Skip to main contentSkip to breadcrumbsSkip to sub navSkip to doormat

Research milestones

The scientific questions that drive the research at the IMP change over time, keeping the institute innovative and fresh. To preserve the appreciation for scientific history made at the IMP, an ongoing essay series on ‘research milestones’ celebrates the success stories of the past as the foundation of present and future work pursued at the IMP. 

Hartmut Beug was a founding member of the IMP, joining as a Senior Scientist in 1988. During his 22 years at the IMP, he achieved recognition and a lasting impact in two fields of research, haematopoiesis and cancer metastasis. His lab was the first to show the importance of the epithelial-mesenchymal transition in metastasis...more

The methylation of DNA, specifically of the cytosine base in the context CpG, is an alteration of DNA without changing its sequence – and the first epigenetic modification discovered in mammals. Adrian Bird was already an authority on DNA methylation, having led the team that first identified CpG islands in mammalian genomes, when he was recruited to the IMP as one of the first senior scientists in 1987...more

B cells and T cells are the white blood cells responsible for acquired immunity, providing acute and long-term protection of the host against pathogens. During his more than 30 years as a principal investigator at the IMP, Meinrad Busslinger’s research has focused on the roles of transcription factors in the commitment to and differentiation of the B cell lineage. In particular, his work on Pax5 has revealed wide-reaching insights into the mechanisms of lineage commitment...more

During her eight years as a group leader at the IMP, Denise Barlow made ground-breaking discoveries in the field of genomic imprinting – an epigenetic phenomenon underlying parent-of-origin-specific gene expression. She was a pioneer, not only as a founding figure in epigenetics, but also as the first female group leader at the IMP and a vocal supporter of diversity... more

All animals are born with instinctive or innate behaviours, such as nest building in birds or web weaving in spiders. But what is the biological basis of such behaviours? Barry Dickson, who spent around 12 years of his career at the IMP, set out to unravel neural circuits in the brain that control complex innate behaviours...more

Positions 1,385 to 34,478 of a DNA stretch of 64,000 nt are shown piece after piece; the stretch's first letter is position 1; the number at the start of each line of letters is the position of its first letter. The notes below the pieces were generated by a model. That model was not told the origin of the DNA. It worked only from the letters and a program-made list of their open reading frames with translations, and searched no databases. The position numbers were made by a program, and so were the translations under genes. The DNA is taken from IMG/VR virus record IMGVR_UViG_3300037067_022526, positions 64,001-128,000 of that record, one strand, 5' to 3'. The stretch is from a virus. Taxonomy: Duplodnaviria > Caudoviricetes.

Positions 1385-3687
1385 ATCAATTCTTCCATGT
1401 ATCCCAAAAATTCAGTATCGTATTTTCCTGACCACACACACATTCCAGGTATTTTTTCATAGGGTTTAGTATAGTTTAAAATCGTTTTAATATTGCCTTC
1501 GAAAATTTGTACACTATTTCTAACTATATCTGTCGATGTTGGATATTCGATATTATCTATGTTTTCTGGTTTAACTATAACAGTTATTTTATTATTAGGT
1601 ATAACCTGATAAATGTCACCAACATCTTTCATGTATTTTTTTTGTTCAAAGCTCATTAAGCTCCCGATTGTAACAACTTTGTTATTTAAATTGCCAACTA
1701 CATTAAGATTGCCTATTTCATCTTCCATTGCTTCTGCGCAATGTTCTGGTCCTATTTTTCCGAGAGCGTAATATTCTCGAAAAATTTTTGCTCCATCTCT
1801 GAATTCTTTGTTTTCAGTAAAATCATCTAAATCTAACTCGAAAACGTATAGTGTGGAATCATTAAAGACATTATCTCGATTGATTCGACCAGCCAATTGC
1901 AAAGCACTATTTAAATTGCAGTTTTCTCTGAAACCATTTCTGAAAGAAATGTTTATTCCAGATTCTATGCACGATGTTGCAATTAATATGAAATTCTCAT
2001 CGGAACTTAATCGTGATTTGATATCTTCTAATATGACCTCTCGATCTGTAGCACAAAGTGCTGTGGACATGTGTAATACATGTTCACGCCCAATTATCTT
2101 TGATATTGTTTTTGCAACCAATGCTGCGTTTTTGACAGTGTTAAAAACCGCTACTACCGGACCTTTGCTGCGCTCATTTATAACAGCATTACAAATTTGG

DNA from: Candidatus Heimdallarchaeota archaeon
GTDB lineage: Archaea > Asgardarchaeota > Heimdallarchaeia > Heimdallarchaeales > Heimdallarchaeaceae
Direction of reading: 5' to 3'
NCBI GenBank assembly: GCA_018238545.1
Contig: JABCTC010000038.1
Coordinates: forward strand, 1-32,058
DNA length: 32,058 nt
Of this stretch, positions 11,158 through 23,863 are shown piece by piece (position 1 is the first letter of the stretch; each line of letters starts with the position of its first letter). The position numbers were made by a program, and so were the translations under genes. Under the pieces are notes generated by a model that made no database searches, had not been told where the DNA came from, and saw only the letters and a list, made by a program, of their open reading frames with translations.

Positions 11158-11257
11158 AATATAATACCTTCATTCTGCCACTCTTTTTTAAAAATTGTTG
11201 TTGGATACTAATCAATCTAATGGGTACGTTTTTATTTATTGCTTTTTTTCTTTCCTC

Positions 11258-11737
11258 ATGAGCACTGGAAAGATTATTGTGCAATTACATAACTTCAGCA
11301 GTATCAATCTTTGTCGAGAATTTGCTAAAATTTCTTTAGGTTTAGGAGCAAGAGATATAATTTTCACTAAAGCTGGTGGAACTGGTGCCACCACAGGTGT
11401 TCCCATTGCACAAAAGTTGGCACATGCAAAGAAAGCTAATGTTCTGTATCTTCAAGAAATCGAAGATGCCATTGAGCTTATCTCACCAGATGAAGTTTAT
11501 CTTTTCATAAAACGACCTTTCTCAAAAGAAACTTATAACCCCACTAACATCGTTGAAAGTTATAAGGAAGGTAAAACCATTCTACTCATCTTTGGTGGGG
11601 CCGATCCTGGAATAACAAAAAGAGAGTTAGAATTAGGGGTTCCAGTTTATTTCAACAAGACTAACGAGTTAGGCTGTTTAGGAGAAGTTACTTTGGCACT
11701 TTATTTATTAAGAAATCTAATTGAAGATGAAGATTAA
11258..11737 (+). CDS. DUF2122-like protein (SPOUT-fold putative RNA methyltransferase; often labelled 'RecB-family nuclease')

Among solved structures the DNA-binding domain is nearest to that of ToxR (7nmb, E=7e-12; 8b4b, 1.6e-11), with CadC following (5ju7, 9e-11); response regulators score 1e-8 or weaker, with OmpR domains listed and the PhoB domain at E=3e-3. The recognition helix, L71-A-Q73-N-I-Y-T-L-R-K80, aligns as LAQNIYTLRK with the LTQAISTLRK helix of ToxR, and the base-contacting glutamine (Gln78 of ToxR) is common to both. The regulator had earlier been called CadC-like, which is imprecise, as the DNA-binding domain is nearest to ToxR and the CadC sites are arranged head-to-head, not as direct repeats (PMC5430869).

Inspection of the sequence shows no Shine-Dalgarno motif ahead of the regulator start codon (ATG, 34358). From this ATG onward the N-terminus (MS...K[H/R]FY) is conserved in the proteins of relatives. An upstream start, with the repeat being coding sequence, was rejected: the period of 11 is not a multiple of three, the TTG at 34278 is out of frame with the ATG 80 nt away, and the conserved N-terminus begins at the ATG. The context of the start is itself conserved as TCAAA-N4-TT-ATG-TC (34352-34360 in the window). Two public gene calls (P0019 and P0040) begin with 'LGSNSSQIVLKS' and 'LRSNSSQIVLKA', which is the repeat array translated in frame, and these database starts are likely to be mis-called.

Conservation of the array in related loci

Landmark work around the turn of the millennium catapulted the field of epigenetics, the study of phenotypic changes that do not involve alterations in the DNA sequence, into the scientific limelight. In particular, breakthroughs in understanding of histone modifications and their impact on the structure and function of chromatin, which organises DNA into compact structures in the nucleus, triggered a deluge of publications with far-reaching implications. During 15 years as a group leader at the IMP in Vienna, Austria, Thomas Jenuwein’s work, particularly that on mammalian histone lysine methylation, was instrumental in triggering and ensuring the successful continuation of this remarkable era... more

During Kim Nasmyth’s time as a group leader (including nearly 10 years as Scientific Director) at the IMP in Vienna, Austria, he and his colleagues uncovered some of the fundamental mechanisms that enable the meticulous segregation of chromosomes during cell division. Their discoveries triggered what Kim would describe as a "chain reaction of knowledge", which to this day has not lost momentum... more

“Activator Protein 1” (AP-1) is an evolutionarily conserved transcription factor complex that regulates cell physiology in response to environmental changes. During his 20 years at the IMP, Erwin Wagner focused much of his research on AP-1, using pioneering mouse models to study diseases such as psoriasis and cancer... more

The essays of the ‘Milestones’ series were written by Katrina Woolcock of Life Science Editors in cooperation with former and current IMP staff.